Four plays later, the Eli offense was gifted 15 yards after a late hit by a Crimson defender and were now 11 yards away from the goal line. After going nowhere on the first two downs, Grooms faced a third and long. After taking the snap and rolling to his left, Grooms attempted a pass to Carrington towards the left corner of the endzone, who made a leaping catch but failed to get a foot in bounds. Jack Bosman ’24 was sent in to try a 32-yard field goal, which he converted to tie the contest at 10 apiece.
The big plays kept coming for Harvard and its offense, this time in the form of a blown defensive coverage that resulted in a 43–yard gain. The Eli defense, in true “bend but don’t break” fashion, stood strong for three downs and forced the Crimson into a 47-yard field goal try, which Lipel converted with ease.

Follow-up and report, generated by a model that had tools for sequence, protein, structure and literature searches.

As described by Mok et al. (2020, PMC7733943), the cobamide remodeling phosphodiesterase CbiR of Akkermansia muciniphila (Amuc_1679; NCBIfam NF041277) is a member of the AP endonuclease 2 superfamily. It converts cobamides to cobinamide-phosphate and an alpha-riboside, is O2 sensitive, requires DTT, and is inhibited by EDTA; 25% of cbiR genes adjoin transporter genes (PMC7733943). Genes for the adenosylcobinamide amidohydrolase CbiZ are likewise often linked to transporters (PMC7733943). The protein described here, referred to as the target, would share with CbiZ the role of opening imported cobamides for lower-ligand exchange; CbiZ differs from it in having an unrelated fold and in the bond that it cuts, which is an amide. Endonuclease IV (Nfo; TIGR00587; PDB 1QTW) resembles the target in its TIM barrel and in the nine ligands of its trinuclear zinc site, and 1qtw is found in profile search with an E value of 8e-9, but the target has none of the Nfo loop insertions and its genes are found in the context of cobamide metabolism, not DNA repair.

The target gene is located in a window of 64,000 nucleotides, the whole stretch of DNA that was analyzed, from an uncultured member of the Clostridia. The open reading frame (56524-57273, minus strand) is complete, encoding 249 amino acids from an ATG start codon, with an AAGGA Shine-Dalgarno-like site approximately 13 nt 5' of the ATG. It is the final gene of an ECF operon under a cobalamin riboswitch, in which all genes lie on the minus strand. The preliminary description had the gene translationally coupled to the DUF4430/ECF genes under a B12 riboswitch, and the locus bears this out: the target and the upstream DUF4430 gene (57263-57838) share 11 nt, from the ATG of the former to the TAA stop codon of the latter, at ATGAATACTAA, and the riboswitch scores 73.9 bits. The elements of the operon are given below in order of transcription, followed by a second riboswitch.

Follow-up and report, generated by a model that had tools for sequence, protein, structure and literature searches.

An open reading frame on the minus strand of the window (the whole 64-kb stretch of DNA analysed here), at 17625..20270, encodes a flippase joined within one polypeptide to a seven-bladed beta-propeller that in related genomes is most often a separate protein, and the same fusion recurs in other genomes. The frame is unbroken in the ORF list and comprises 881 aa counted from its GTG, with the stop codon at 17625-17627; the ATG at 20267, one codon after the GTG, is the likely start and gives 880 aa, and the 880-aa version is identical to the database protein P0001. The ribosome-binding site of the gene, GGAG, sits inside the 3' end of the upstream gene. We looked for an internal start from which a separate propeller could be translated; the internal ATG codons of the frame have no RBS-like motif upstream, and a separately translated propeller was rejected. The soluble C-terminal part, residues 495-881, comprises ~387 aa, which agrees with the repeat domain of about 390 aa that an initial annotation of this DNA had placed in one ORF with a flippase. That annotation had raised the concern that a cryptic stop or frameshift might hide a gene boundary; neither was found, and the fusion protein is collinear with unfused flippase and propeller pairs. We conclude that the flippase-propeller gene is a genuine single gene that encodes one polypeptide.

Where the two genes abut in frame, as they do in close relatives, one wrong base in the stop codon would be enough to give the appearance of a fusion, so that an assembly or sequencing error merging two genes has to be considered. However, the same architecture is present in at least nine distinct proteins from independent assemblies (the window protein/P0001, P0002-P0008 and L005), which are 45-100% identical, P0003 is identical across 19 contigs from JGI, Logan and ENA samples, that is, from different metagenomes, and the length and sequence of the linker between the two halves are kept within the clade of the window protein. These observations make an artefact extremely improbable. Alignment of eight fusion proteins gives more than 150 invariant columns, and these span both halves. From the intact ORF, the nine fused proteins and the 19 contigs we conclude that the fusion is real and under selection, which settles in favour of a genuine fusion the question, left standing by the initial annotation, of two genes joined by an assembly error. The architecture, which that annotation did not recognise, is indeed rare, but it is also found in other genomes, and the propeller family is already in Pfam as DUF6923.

Team 148, trailing 13–10, needed some momentum. The officials handed it to head coach Tony Reno and the Bulldogs in the form of a Harvard targeting penalty, setting the Yale offense up near midfield. Three plays later, the offense failed to capitalize. Grooms held onto the ball for an ill-advised amount of time in the pocket and was sacked to bring up fourth down. With Bosman lining up for the punt, the Crimson special teams unit bled past the Eli line and blocked the kick. Kobe Joseph recovered the ball off a bounce and took it 35 yards to the house, extending Harvard’s lead to 20–10.
With four minutes remaining in the half, the offense was in desperate need of points on the board. A 29-yard pass attempt down the middle of the field barely whizzed by the outstretched hands of a Harvard defender and into the chest of wideout David Pantelis ’25. Two pass completions later, Team 148’s offense looked to be in business. However, the offense failed to pick up any yardage on three consecutive plays.
Two minutes remained in the half. Yale was facing a fourth-and-four from the Harvard 30-yard line. Coach Reno decided to go for it.